Many people who lose their religion or who through education have to radically change their world view find that they are afloat without mooring. The cognitive dissonance leads to a time of searching for something new. I read recently (can’t find the original, sorry) where a theologian said something to the effect that even if we know scientifically that there is no god, it doesn’t change the experiences that make us look for a god in the first place. We still experience awe, wonder, confusion, love in the face of our daily lives. What do those experiences mean?
One of the things that cognitive scientists always insist on is that we can scientifically understand the how and why of qualia (the phenomenological experience of sensing, thinking, feeling), but it doesn’t change the fact that they are qualia. In other words, we still have to figure out (because we have overly large brains) what the qualia *mean*. (I like Antonio D’Amasio on this point.)
I’m not an anti-reductionist, and I do not argue that the meaning discussions are or should be separate from the scientific ones. My social science is naturalistic (which is that social theory and research must account for the research and theory of other sciences (I would also argue the inverse, but since I’m not an ethologist, i have less of a stake in the inverse debate). But naturalism actually leaves us with that pesky problem of meaning:
The need for meaning is generated by our evolved brains and is an evolutionary adaptation that has made us the most successful (and dangerous) species on the planet. [Some argue that our need for cognitive meaning is an unintentional side effect (an evolutionary spandrel) of our cognitive, problem-solving, time-projecting brains). So scientifically, we are beginning to understand why our brains need meaning and how our brains produce meaning; and social scientifically I can even explain why a particular individual or a group produces a particular meaning in a particular time and place. Combining social science with biology (biologists here need to take social science more seriously), I can even evaluate whether or not a particular meaning is adaptive, maladaptive, or a spandrel (i.e., neutral).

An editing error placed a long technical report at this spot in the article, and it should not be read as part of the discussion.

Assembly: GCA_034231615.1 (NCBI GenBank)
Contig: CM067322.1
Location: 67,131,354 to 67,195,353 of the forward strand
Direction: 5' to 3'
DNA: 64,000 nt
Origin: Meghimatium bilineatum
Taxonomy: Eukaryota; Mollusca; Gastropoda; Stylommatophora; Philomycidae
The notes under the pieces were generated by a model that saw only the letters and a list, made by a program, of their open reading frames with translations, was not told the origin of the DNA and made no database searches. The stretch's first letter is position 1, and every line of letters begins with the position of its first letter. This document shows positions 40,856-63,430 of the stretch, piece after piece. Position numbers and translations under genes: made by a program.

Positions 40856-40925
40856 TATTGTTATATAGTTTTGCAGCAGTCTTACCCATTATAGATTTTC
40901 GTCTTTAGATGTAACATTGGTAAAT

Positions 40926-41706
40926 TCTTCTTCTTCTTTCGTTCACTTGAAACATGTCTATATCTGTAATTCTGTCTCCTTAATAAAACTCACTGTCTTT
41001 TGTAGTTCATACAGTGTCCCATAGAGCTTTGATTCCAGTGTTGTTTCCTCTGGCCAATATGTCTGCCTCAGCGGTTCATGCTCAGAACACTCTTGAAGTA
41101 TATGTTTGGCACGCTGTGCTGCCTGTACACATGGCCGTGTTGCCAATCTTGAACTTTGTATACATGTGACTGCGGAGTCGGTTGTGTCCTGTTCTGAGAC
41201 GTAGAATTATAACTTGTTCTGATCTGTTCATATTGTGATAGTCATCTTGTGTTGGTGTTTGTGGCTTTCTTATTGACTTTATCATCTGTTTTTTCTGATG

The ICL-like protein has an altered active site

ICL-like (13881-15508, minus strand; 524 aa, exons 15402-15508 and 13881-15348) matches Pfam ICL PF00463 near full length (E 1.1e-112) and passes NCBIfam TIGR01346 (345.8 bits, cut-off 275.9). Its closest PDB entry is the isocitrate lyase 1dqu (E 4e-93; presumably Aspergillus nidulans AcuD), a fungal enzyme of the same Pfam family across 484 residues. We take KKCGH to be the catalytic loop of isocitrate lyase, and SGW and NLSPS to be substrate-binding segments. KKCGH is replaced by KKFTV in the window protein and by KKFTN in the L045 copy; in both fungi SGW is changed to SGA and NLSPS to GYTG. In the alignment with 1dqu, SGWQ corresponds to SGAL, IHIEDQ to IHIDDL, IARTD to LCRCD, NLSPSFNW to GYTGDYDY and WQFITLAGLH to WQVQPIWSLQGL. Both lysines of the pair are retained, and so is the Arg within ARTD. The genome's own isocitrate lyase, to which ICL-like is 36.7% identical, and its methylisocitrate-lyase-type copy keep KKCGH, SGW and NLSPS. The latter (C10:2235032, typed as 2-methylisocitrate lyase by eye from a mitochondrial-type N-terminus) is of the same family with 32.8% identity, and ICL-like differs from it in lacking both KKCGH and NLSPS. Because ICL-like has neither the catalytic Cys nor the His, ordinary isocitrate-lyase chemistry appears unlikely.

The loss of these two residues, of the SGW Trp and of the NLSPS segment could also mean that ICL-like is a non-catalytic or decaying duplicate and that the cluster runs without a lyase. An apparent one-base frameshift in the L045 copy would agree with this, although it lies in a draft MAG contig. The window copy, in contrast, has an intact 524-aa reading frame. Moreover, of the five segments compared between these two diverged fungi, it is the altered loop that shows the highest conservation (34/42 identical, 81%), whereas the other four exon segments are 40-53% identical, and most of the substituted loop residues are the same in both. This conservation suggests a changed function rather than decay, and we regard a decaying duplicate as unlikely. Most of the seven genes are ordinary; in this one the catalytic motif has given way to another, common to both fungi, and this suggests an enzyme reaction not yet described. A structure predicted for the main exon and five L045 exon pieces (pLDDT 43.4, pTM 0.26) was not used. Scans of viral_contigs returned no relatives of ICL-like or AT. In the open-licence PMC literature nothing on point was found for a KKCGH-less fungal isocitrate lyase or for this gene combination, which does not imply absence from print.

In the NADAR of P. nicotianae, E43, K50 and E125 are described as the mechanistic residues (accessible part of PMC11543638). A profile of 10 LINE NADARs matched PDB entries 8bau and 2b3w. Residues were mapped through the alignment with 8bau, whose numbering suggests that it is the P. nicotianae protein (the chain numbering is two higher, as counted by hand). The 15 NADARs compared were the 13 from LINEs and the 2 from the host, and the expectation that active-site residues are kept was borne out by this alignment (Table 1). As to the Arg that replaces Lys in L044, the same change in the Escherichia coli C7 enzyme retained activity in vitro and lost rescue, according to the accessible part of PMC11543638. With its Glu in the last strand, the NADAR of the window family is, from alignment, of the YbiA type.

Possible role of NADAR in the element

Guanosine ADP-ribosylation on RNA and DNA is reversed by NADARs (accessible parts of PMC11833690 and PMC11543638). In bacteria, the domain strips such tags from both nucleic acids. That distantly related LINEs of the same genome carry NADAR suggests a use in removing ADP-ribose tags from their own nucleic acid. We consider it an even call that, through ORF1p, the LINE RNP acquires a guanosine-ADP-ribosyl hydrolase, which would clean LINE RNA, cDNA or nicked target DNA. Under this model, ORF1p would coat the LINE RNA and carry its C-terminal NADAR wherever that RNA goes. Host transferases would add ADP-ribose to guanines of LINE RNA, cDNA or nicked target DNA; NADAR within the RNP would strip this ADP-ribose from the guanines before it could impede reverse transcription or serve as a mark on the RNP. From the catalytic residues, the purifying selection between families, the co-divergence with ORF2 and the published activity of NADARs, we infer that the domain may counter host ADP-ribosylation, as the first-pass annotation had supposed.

But I can’t use science to tell me what it *should* mean. On the other hand, I believe that scientific mindset can/must be used in our cultural conversations about what meanings we chose. In other words, we should be asking ourselves, what kind of world and society do we create when we believe X or Y? We have the ability as humans to evaluate our meanings and reject, modify or change them out. We need to do so more carefully. Since we know, for example, the general geological history of the planet and where it came from, our discussions of “god” must necessarily change. Etc.
Discussing the meaning of life is a defining characteristic of being human. Most of us settle on an answer early, usually adopted from our parents and society, and cling to it throughout our lives. The modern world, at least in industrialized societies, makes that incredibly difficult. Evolutionarily, it looks like our brains are designed to figure out what “works” in our environment and stick to it; changing world views is difficult, becuase having a world view that “works” in a given environment is adaptive.
The trick is finding the new meaning or adapting our old ones to our new knowledge of the world as it is, as that knowledge develops, in such a way that our lives still feel meaningful and fulfilling.